Warning: This post is primarily about arcane legal distinctions and standards that will (or should) be applied to what’s going on in San Francisco. If that’s not your pint of plain, you may want to ignore this post. Yesterday I dipped my toe in the mash tun that is the city of San Francisco’s proposed “Alcohol Mitigation Fee Ordinance” (AMFO). The reason they’re characterizing it as a “fee” instead of a “tax” has to do with politics. A fee doesn’t require a two-thirds vote like a tax, just a simple majority.
Another odd detail that’s missing is a requirement for this type of fee is that a Nexus Study be done, and the proposed ordinance does indeed make reference to it on Page 3, where they claim it’s on file with the Clerk of the Board of Supervisors but leave a blank space for the file number. The reason it’s left blank is because there is no completed Nexus Study, as required. The proponents of the ordinance claim it will be completed in a week, but then why didn’t they wait until it was done before introducing the fee ordinance? If that’s a requirement, it seems they’ve jumped the gun, and this will give opponents less time to review the Nexus Study, which doesn’t seem at all fair.
There’s also no mention in the language exactly how they will collect from companies who do business in San Francisco but have no offices in the city, and thus are outside the city’s jurisdiction?
The earlier draft version of the AMFO included the language “ethanol ounce.” While nobody was sure how that was being designed, it’s now moot because the final document changed the language at the 11h hour to “ounce of alcohol” which is still rather vague and subject to a variety of interpretations as to how it will be applied. If I had to guess, I’d say that it’s possible that the strong spirits lobby got that change made since it would impact them the most by reducing their proportional taxes while beer would get hit the hardest. Curiously, all of the news reports I’ve seen, such as the one from KTVU Channel 2, a typical example, continues to use the phrase “ounce of ethanol” suggesting the mainstream media is working off of earlier versions or not looking at the source document at all. In either event, it’s not exactly stellar reporting and gives the public who reads that the wrong impression of what the AMFO will actually be doing.
But the biggest hurdle is one that’s been in place since 1997, when the California Supreme Court decided the case of Sinclair Paint Co. v. State Board of Equalization, et al. In that seminal case, the state tried to impose a fee on paint companies for potential harm caused by lead paint. Here’s a summary, from the Pillsbury Tax Page: “The Supreme Court held that case law clearly indicates that the police power is broad enough to include mandatory remedial measures to mitigate the past, present, or future adverse impact of the fee payer’s operations, at least where, as here, the measure requires a causal connection or nexus between the product and its adverse effects.” [my emphasis.] What that means is that a “fee” of this type in order to be constitutional and not need a two-thirds majority like any other tax (in other words to keep its “fee status”) it must be proven to have a direct link to the harm being caused by the product being taxed … uh, excuse me, having a fee imposed on it.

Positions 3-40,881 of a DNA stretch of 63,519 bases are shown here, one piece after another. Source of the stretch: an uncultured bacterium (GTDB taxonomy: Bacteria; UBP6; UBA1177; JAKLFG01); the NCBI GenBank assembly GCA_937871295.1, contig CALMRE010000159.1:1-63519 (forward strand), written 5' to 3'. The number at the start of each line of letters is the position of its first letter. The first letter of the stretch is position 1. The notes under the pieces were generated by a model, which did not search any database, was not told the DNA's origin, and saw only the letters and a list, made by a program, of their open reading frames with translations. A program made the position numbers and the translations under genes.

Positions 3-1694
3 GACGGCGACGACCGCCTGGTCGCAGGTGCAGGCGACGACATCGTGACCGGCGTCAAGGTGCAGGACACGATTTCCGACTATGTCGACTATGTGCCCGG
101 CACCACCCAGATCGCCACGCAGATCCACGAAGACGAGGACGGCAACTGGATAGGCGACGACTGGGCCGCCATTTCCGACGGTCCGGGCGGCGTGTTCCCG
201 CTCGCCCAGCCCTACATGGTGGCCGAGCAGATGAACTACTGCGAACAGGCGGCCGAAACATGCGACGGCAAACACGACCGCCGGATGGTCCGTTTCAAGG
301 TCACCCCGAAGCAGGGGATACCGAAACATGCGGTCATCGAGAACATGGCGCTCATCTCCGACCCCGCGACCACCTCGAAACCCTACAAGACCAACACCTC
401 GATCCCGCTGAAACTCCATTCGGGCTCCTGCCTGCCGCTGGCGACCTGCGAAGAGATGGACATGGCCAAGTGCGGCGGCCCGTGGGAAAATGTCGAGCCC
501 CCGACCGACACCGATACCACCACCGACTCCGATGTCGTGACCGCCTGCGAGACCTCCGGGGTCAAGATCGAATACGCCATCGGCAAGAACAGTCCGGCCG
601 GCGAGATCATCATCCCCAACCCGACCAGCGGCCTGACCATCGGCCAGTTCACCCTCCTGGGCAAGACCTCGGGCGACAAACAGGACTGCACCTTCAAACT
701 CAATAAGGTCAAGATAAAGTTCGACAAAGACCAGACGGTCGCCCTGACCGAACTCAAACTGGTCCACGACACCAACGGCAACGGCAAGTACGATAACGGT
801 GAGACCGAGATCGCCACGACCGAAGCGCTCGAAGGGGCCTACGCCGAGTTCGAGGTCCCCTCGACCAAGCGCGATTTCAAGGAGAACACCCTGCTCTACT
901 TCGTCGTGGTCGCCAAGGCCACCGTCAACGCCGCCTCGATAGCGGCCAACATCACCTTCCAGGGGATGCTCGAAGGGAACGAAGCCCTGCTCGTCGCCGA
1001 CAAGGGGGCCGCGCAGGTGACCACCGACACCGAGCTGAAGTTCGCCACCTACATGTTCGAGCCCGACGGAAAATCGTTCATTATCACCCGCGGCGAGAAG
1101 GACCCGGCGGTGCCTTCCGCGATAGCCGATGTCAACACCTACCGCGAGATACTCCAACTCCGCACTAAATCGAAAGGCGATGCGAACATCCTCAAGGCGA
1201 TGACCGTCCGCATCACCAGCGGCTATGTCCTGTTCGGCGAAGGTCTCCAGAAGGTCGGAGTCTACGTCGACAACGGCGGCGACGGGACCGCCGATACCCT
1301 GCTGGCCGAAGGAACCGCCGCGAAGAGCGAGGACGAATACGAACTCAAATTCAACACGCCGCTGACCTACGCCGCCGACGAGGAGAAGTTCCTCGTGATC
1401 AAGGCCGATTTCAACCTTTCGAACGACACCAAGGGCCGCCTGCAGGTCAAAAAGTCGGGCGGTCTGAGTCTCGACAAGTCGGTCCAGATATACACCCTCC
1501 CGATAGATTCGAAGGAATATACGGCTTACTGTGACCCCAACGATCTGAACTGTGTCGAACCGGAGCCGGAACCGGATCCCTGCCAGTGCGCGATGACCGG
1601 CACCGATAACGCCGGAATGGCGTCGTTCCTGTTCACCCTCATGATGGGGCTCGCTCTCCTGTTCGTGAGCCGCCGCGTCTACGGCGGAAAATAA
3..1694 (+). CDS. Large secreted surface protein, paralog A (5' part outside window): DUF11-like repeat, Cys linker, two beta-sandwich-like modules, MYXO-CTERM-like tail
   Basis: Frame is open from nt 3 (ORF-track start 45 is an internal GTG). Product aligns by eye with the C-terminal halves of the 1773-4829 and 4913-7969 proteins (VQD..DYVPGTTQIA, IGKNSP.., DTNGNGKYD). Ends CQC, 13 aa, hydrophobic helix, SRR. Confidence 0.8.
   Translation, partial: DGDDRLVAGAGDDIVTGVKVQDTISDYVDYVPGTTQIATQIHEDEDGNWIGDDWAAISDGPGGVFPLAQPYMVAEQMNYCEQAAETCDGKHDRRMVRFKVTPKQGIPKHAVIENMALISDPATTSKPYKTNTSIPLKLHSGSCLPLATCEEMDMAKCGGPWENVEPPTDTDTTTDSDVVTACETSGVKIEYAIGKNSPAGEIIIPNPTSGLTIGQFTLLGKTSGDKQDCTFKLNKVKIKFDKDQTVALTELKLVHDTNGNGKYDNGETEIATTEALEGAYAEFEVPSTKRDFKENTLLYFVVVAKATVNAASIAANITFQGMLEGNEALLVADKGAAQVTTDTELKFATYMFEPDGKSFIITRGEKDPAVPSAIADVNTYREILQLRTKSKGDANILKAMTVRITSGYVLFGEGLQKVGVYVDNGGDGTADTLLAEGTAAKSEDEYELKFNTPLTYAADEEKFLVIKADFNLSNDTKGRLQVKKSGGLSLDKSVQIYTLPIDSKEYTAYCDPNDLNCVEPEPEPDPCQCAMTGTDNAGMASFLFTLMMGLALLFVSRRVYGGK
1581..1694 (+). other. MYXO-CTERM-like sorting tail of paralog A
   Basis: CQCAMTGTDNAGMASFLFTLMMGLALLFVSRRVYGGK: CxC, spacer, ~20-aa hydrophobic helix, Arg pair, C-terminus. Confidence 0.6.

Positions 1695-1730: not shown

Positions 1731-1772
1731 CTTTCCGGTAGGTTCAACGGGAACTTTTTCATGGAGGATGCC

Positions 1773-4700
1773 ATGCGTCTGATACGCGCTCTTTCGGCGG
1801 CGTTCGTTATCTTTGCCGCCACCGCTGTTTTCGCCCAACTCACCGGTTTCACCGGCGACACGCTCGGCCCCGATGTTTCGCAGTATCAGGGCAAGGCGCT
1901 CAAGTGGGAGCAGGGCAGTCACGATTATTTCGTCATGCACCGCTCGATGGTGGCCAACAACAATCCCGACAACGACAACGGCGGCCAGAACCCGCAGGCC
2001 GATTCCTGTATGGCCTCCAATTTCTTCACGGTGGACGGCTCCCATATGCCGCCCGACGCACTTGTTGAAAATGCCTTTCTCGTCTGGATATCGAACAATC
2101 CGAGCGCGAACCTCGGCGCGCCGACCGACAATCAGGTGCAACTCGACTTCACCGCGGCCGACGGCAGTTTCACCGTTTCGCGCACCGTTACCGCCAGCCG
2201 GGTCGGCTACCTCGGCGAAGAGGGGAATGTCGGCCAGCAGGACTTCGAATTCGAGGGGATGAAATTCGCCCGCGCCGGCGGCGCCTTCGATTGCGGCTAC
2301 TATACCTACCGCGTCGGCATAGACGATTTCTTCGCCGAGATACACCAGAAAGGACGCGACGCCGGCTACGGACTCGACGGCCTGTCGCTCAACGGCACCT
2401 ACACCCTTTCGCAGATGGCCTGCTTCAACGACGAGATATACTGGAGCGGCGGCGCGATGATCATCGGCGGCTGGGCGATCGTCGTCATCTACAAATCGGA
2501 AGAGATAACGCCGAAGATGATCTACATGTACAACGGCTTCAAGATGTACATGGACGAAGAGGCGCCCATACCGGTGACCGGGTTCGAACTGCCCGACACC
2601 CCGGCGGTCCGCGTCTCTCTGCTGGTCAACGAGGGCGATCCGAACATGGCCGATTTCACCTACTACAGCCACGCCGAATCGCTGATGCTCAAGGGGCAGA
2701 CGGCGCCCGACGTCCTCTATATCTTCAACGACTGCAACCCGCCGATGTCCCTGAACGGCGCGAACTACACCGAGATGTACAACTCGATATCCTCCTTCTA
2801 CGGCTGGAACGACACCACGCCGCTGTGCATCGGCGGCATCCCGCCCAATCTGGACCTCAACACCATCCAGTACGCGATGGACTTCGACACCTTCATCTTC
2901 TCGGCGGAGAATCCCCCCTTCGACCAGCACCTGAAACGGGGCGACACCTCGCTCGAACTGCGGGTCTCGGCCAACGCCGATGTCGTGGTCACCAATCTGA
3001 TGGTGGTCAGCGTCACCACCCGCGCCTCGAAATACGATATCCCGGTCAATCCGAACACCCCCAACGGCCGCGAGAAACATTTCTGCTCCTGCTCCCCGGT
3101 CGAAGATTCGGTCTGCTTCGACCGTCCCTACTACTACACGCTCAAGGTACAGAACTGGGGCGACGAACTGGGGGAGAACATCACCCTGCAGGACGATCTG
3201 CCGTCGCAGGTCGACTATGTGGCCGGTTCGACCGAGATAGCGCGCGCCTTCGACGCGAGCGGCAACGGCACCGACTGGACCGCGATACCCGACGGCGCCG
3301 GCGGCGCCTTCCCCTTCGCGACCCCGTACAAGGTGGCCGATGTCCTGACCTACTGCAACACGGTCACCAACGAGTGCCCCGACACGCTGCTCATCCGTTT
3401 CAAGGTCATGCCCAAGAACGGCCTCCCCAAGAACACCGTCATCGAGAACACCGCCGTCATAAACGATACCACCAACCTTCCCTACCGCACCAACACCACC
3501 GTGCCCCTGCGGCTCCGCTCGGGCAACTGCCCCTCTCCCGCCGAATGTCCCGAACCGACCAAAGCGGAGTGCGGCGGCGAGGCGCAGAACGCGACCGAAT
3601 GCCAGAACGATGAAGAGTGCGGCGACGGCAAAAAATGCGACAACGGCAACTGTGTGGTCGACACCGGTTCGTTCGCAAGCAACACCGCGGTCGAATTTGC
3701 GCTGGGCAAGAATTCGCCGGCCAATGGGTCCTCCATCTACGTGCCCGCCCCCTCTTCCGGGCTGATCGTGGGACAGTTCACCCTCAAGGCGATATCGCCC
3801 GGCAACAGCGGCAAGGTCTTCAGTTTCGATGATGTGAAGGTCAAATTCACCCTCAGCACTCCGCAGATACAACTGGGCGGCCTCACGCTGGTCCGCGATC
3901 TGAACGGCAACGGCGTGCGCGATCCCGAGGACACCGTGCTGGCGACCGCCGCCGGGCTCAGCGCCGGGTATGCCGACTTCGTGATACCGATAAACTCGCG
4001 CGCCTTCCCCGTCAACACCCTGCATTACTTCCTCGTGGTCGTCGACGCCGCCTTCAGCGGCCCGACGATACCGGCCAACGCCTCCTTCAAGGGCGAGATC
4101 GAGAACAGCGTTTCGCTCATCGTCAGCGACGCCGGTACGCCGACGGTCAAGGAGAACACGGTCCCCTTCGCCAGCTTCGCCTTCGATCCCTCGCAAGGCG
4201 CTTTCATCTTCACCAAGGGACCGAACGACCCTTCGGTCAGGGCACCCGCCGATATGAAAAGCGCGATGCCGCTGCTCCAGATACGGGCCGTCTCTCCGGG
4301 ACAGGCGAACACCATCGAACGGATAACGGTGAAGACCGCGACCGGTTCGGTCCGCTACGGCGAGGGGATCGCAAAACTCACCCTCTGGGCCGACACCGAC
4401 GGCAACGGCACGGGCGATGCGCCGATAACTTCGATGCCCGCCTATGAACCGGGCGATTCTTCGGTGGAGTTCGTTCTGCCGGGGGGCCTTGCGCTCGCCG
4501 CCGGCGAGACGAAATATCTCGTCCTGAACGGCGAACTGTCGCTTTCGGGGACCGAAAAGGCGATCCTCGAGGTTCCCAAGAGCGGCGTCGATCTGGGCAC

In their conclusion, Pillsbury characterizes these fees as camouflaged taxes.
The potential impact of Sinclair is tremendous since it is completely dependent upon the Legislature’s propensity to camouflage taxes as fees. Virtually every industry can be found to place some type of burden on society and now the Court has only limited the Legislature’s ability to impose fees on those industries within the bounds of its inventiveness. It is difficult, if not impossible, to reconcile Sinclair with the state of the law existing prior thereto.
And for the past thirteen years that’s been the standard and remains the controlling case. That means that the AMFO has to “prove” a direct link from the alcohol and the harm they claim is placing such an onerous burden on city resources. In the first two pages of the AMFO, they cite several studies they believe show such a link. But they’re wrong. For every study cited, I could produce ten that says the opposite, including studies that show that the moderate consumption of alcohol makes a person healthier than abstaining. To me, that suggests that trying to keep people from drinking is reckless endangerment or at least is putting the health of every adult who drinks moderately and responsibly at risk. And some of the studies mentioned aren’t even cited, meaning there’s no way to even confirm they say what the AMFO says they do. To say that their “proof” is shoddy is an understatement.
But, as usual, that doesn’t stop Bruce Lee Livingston, executive director of Marin Institute, from trotting out his favorite bullshit line, modified for the specific occasion. “It’s time for Big Alcohol, including wholesalers, to pay its fair share. A local alcohol charge for harm fee is long overdue.” I’m so tired of having to address this each and every time they give voice to this lie. As I’ve said many, many times, no other product save tobacco pays more taxes than alcohol already. To say that there’s some “fair” amount that alcohol companies should be paying is utter nonsense. There’s no amount high enough that would actually satisfy the Marin Institute, all they want to do in reality is put all alcohol companies out of business, the economy and a majority of people’s wishes be damned.